“My two sisters-in-law used it when they married, and four of the girls in the WRANS also borrowed it as there wasn’t a lot available.”

A few months later, Don moved to Darwin and was primarily engaged in laying mines to the north of Australia.

Don had flown 18 missions with the squadron and was the flight engineer on Catalina No. A24-203 when it left Darwin, bound for Jinamoc Island, on 1 March 1945. Arriving safely at the island, it left on the 7th of March for Lingayen Gulf, where it refuelled before taking off again almost immediately on an operational flight to lay mines in the South China Sea. 

It was never heard from again.

Searches were conducted in the area around south-east Formosa – known today as Taiwan – but no trace of the aircraft or its crew members was found. They were reported missing, and were presumed to have been killed in action on 7 March 1945.

It was a devastating blow for Merle and her family.

She was in Sydney with her husband when the war ended just five months later.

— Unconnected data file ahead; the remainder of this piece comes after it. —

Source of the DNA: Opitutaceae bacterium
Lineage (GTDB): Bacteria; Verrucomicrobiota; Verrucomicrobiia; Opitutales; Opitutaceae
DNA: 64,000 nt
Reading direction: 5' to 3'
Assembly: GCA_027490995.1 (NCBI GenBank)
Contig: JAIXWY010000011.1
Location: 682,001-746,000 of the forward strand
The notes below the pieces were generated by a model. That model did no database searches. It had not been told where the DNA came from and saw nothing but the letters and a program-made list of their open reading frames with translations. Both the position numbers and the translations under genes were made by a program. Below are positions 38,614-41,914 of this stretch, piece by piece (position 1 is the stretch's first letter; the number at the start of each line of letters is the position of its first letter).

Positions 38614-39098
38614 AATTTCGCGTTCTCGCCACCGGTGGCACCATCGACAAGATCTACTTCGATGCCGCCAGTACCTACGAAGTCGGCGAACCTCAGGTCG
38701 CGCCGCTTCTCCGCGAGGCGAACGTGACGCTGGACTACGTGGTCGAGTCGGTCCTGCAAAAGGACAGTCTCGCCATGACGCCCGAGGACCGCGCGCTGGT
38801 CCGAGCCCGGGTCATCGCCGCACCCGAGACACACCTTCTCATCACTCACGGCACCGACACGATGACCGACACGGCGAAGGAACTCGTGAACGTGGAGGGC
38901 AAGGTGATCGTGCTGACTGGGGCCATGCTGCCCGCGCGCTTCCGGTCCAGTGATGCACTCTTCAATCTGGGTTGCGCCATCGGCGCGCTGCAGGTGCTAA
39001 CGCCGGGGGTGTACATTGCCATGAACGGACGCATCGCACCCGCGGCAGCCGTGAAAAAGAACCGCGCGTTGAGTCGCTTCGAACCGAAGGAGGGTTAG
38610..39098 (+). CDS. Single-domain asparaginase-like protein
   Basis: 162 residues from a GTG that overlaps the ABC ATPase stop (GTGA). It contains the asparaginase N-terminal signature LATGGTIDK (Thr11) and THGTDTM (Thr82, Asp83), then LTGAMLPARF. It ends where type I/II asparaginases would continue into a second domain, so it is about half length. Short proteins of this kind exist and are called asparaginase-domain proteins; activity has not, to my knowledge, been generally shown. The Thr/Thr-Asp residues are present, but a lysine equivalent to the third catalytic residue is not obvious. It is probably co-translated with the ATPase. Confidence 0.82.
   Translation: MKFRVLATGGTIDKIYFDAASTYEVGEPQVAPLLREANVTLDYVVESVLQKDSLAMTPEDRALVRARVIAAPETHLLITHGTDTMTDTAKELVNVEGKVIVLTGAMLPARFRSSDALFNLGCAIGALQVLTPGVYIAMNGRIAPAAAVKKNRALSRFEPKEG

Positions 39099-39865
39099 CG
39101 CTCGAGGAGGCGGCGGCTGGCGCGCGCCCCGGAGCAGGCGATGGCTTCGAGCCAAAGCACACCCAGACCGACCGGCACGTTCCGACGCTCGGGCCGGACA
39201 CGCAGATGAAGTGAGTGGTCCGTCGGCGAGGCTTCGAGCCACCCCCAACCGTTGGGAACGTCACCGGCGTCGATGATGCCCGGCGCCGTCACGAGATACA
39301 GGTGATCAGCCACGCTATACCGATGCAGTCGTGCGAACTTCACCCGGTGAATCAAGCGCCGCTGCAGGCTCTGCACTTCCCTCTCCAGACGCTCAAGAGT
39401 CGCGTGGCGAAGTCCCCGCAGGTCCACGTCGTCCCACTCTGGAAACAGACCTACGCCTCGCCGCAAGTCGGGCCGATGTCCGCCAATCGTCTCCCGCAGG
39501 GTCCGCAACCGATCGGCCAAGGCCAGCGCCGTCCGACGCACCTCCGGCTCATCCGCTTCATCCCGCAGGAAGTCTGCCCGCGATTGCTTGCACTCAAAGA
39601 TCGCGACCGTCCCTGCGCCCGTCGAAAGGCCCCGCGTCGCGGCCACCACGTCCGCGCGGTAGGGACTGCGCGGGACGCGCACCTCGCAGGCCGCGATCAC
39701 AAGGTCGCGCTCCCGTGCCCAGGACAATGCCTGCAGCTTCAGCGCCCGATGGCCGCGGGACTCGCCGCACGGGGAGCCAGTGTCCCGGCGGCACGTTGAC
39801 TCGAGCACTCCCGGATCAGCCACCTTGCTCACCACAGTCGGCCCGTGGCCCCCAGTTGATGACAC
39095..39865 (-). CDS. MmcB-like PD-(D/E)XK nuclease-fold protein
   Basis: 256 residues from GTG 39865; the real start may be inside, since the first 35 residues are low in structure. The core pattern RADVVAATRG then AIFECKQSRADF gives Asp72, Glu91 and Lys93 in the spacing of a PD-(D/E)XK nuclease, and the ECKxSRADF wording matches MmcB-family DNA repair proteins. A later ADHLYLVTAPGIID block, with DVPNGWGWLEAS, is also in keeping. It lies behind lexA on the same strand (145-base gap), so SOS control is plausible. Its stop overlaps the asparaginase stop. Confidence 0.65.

“We’d all gone up to the Blue Mountains for the day … and when we got back, we went into Martin Place, and everyone went mad,” she said.

“I’ll never forget that. They were all very happy – very happy indeed – and it was an unbelievable feeling really, but I had lost my twin brother so I’m afraid I broke down, knowing he wouldn’t be coming back.”

Today, Don and his crewmates are commemorated on the Labuan Memorial in Malaysia and their names are listed on the Roll of Honour at the Australian War Memorial.

Merle named her son Don after him, and still has the letters he wrote to her during the war.  

“I’d lost him in the March, and that was the worst thing that ever happened to me,” she said.

“It always has been, and it still is … but that’s all memories now, and life goes on.

“When you get to 100, nothing fazes you anymore.”

To read the full story click here:  'He is always in my heart' | Australian War Memorial (awm.gov.au)

- Information and photos courtesy of the Australian War Memorial, AWM2017.520.1.2188